Interesting enough, I checked and my bag of IKEA tea lights (which should also be called dirt-cheap tea lights) were of the hockey puck type. Note that I did not use them for this review so I can not vouch for their performance.
Whatever type of tea lights you have, my suggestion is to cook with them now while you have the luxury of time on your side. Try to purchase both types so that you can choose the type you prefer. Store a bunch of the preferred type (see #3 above) however learn to cook with both types because in a pinch you might only have access to one kind or the other.
Update: Sorry – this giveaway has ended.
Ah! Now here is the part you have been waiting for. Titan Readywater has reserved one HERC XXL Tea Light Candle Oven for a lucky Backdoor Survival reader. To enter the giveaway, all you need to do is respond to the following question in the comments area below. This is a fun one.
From time to time, everyone makes a mistake.
What has been your biggest prepping mistake or goof?
I realize this question is not food or cooking related but truth be told, I have made my share of mistakes and hope to learn from yours. As a matter of fact, we all can learn from them.
The deadline for your entry is 6:00 PM Pacific on Thursday, April 3rd. A winner will be selected at random and will be notified by email as well as in an announcement in the Sunday Survival Buzz. The winner will have 48 hours to claim their prize or another winner will be selected.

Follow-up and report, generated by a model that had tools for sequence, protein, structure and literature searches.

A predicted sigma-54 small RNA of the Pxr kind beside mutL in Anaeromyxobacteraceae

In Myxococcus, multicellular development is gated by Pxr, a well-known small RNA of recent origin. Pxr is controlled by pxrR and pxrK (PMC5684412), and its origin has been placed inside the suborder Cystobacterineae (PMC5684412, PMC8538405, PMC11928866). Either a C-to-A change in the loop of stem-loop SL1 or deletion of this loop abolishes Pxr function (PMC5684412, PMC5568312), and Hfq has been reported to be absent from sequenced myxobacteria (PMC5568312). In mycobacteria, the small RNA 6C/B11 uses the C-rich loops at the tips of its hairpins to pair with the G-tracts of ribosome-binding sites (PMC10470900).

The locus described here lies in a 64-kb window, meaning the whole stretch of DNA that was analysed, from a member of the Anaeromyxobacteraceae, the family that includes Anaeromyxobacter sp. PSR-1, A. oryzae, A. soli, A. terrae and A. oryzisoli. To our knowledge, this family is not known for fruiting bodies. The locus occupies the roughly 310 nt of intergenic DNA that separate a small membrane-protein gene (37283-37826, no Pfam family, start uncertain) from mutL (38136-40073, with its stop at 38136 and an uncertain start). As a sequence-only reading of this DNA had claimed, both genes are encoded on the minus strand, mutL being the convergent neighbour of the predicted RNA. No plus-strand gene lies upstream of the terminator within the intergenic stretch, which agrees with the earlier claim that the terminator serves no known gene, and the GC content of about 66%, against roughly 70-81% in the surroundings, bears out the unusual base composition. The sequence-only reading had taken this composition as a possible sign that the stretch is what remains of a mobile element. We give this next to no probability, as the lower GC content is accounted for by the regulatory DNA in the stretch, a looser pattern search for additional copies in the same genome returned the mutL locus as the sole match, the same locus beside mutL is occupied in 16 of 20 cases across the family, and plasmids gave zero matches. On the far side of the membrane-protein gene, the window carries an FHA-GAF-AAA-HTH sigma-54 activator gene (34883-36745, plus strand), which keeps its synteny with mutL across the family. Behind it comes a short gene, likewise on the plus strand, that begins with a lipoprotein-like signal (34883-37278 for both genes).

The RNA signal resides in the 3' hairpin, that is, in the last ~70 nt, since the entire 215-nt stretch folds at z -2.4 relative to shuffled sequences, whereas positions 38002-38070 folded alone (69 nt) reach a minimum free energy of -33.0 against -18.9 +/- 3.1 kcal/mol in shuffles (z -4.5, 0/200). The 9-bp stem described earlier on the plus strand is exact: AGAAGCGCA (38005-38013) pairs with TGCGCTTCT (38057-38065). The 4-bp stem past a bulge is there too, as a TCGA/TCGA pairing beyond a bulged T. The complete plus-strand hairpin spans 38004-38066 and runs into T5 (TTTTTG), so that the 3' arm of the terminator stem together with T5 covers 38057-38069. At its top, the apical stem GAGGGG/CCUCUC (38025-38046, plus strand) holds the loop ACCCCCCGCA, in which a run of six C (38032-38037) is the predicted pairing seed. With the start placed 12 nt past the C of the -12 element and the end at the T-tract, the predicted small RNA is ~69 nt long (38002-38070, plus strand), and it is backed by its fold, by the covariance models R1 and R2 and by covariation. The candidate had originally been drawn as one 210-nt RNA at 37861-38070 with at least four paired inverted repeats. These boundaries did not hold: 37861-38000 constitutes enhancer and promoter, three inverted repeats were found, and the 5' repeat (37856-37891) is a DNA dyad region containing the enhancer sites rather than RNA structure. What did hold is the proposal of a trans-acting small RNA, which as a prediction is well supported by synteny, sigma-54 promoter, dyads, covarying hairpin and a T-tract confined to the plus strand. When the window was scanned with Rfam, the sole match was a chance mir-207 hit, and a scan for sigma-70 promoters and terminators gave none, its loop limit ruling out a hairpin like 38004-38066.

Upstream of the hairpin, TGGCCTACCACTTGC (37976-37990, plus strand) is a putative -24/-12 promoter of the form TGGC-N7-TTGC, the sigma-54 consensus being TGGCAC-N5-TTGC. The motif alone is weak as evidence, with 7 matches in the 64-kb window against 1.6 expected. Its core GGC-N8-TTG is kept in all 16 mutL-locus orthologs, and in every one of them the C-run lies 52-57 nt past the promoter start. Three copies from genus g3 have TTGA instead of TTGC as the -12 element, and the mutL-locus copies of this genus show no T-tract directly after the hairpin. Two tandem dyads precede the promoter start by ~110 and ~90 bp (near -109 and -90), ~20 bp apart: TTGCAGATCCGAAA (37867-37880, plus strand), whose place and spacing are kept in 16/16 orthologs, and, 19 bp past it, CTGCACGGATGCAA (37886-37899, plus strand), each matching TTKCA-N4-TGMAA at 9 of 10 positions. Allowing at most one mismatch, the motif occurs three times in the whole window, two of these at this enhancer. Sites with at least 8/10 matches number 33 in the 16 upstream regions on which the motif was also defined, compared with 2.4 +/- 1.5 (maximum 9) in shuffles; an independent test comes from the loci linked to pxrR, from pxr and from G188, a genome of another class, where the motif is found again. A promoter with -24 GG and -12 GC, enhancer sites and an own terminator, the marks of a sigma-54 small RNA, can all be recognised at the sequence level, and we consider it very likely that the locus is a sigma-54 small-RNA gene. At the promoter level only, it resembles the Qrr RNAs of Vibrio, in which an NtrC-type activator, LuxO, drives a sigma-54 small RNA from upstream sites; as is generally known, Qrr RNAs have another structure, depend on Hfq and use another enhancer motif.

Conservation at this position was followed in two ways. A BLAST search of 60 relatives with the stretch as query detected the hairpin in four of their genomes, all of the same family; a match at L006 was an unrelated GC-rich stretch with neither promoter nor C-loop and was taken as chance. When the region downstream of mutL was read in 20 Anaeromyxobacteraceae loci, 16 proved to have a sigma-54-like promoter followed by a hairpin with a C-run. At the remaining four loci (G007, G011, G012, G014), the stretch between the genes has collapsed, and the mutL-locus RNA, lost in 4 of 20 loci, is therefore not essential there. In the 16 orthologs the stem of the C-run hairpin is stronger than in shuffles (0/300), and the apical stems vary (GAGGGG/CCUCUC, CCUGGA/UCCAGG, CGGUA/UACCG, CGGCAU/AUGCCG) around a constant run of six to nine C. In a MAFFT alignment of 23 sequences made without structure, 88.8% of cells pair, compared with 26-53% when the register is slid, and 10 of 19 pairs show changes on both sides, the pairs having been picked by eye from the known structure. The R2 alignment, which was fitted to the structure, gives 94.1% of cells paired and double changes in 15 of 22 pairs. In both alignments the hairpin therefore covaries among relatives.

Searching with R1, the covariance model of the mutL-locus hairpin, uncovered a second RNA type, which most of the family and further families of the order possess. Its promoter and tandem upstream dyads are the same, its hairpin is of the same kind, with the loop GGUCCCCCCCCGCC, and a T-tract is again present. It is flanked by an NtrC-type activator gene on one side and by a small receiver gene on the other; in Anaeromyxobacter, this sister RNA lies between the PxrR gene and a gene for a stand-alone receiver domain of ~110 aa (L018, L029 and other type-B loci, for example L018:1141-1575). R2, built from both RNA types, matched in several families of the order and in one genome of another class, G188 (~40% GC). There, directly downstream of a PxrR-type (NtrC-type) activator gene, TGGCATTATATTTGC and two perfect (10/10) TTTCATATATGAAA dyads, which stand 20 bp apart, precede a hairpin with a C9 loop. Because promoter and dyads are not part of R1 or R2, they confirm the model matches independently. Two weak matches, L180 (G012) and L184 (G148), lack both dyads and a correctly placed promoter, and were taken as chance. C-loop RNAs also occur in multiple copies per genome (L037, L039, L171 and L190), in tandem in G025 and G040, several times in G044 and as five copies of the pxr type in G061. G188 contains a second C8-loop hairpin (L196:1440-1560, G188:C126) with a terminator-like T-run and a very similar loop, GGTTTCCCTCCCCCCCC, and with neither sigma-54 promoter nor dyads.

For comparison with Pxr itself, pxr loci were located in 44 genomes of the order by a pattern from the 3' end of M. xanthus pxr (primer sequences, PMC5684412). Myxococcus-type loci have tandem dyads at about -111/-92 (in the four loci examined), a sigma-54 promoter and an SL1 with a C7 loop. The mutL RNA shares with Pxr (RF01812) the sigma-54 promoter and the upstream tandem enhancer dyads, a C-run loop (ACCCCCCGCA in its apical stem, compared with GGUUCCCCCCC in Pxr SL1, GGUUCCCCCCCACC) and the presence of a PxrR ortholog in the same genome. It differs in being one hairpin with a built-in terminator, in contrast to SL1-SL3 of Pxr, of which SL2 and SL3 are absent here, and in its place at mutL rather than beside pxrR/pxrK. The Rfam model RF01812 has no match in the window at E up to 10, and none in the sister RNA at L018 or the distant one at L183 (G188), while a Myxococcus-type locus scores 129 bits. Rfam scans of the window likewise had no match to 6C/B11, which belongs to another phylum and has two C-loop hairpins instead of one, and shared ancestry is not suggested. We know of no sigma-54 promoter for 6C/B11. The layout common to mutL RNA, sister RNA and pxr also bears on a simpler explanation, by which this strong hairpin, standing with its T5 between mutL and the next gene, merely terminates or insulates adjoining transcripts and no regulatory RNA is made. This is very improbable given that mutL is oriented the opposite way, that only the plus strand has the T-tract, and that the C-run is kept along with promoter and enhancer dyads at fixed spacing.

Note: If you are reading this article in your email client, you must go to the Backdoor Survival website to enter this giveaway in the comments area at the bottom of the article. As with all BDS giveaways, this giveaway is only open to visitors to the website. Email and Facebook entries do not count.
The Final Word
My HERC oven is still sitting in my kitchen; I am not done with it. I plan to continue using it so that I become more familiar with cooking using tea light candles. I also want to experiment with different brands and types of tea lights. Even more important, I want to bake some bread and perhaps even a pizza using some of my food storage items as toppings. I will report the results in a future Sunday Survival Buzz.
Before closing, I would like to thank Kris at Titan Readywater for making this giveaway possible. He has indicated that if you love the idea of the HERC and make a purchase before the giveaway is over, he will send a refund (or a second oven) if you are the winner. Now how cool is that?